NBC's Ken Dilanian Admits Mueller Report Is 'Complete Vindication of the President'

While many of his colleagues have spread conspiracy theories about the Mueller report and even called it racist, NBC’s Ken Dilanian seemed open to self-reflection, declaring that Robert Mueller offered “a complete vindication of the President.”

Appearing on Kasie DC Sunday night, Dilanian attempted to placate the Trump-haters on the network by noting “this wasn’t the Mueller report we got today, this was the Barr summary of the Mueller report” before speculating about the contents of the Mueller report: “What about all those Russia contacts and the lying? What explains all that? Was the Trump campaign manipulated by a sophisticated covert Russian operation? Were they negligent? Did the FBI warn Donald Trump and did he ignore that warning?”

 

 

But then, Dilanian offered the admission: “those of us and members of the public who placed stock in the idea that this was a criminal case and Robert Mueller was going to prosecute it, we have to acknowledge today that what Robert Mueller found on collusion and conspiracy was a complete vindication of the President.”

Natasha Bertrand -- MSNBC contributor and staff writer for The Atlantic, which endorsed Hillary Clinton for president in 2016 -- seemed to disagree with Dilanian’s analysis, expressing profound disappointment with the outcome of the Mueller investigation. Bertrand said that she looked at the Mueller probe as something “completely all encompassing, something…that was really going to investigate every aspect of the President’s ties to Russia.”

Bertrand also talked about how “because the language of the mandate really made it seem as though this was kind of an open-ended probe that Mueller could look into that could really get to the bottom of some of these pressing questions such as was the President compromised by Russia? Is the President compromised by Putin? Were any of his campaign members compromised?”

Bertrand proceeded to explain how the Mueller report did not live up to her expectations: “I think we’re…finally coming to terms with the fact this was a criminal investigation and this was run by prosecutors and it was run by Mueller with a prosecutor’s mindset.” Bertrand seemed to deem Mueller’s “prosecutor’s mindset” insufficient: “that doesn’t really tell me anything about all of the myriad, you know, communications and contacts that the campaign had with Russians during the campaign and the transition period and the President’s continued deference towards Putin throughout his time in office.”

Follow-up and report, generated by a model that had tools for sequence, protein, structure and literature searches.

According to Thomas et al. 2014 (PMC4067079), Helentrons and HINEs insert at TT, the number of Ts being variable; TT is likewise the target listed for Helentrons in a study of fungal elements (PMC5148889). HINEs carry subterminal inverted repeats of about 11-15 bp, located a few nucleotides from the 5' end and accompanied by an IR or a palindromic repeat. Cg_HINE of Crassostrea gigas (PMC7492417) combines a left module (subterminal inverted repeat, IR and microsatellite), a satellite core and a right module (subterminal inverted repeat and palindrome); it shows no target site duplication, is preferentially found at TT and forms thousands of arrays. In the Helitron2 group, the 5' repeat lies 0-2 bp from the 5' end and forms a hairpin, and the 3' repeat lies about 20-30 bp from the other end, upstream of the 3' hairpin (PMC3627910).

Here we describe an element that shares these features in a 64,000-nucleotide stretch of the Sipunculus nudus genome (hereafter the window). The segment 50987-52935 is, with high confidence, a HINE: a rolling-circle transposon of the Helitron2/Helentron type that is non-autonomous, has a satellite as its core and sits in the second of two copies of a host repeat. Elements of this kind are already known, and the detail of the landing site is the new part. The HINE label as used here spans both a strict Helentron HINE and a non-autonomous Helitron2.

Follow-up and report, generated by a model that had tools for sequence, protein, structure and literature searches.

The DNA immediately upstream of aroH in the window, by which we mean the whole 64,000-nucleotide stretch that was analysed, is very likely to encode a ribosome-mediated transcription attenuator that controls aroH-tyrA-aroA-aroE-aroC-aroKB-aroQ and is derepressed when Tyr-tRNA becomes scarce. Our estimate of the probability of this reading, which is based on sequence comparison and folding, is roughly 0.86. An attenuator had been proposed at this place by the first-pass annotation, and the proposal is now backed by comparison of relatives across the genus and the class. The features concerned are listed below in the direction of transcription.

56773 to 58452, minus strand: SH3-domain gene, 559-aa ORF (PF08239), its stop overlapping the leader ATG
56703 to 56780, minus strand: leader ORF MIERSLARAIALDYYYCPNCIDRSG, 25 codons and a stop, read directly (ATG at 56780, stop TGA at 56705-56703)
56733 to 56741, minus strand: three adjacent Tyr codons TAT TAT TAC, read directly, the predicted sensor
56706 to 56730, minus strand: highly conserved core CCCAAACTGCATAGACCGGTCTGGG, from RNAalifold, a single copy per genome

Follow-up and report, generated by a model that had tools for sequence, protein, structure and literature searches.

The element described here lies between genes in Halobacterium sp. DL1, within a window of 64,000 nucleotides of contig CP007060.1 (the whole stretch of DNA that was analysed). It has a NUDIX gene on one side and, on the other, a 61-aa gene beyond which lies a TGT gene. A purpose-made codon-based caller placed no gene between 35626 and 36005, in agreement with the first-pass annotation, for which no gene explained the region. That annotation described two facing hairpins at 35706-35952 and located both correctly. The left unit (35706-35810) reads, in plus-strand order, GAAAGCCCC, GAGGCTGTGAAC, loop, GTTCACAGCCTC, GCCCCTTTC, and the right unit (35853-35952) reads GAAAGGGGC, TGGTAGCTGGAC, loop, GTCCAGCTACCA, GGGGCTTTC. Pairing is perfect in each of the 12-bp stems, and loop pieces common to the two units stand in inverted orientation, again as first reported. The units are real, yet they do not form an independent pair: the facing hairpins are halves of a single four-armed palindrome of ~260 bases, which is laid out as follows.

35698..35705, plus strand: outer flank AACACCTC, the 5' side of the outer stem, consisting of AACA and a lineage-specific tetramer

While the Mueller probe may leave many unanswered questions in the minds of members of the liberal media, at least one NBC reporter had the integrity to admit that the Mueller report provided a “complete vindication” for the President when it comes to the collusion narrative.

A transcript of the relevant portion of Sunday’s edition of Kasie DC is below. Click “expand” to read more.

 

Kasie DC

03/24/19

08:04 PM

KASIE HUNT: Ken Dilanian, let’s talk about the collusion piece of this. I know you’re down at a, a very private conference for a lot of the folks you talk to in the national security intelligence world. And I’m just kind of curious as to what you’re picking up from those, those folks as to how they, they’re thinking about this. I mean, this report was pretty clear in saying that there was no evidence of conspiracy or collusion is the word that, you know, we often use here, but there have been a lot of very difficult to understand moves by the President when it comes to Russia.

KEN DILANIAN: To be honest, Kasie, it falls down partisan lines very often. You know, people who were Obama appointees, who have often been skeptical about Donald Trump are finding this hard to understand, as, as many of us are who have covered this investigation for so long because we’ve seen so much public evidence that raised questions. But I think we have to…you know, if we say we have confidence in Robert Mueller, I think we have to state loud and clear that this was a resounding vindication, it wasn’t just, oh, we don’t have enough evidence to file a criminal conspiracy charge, it was we don’t have evidence of coordination with the Russians.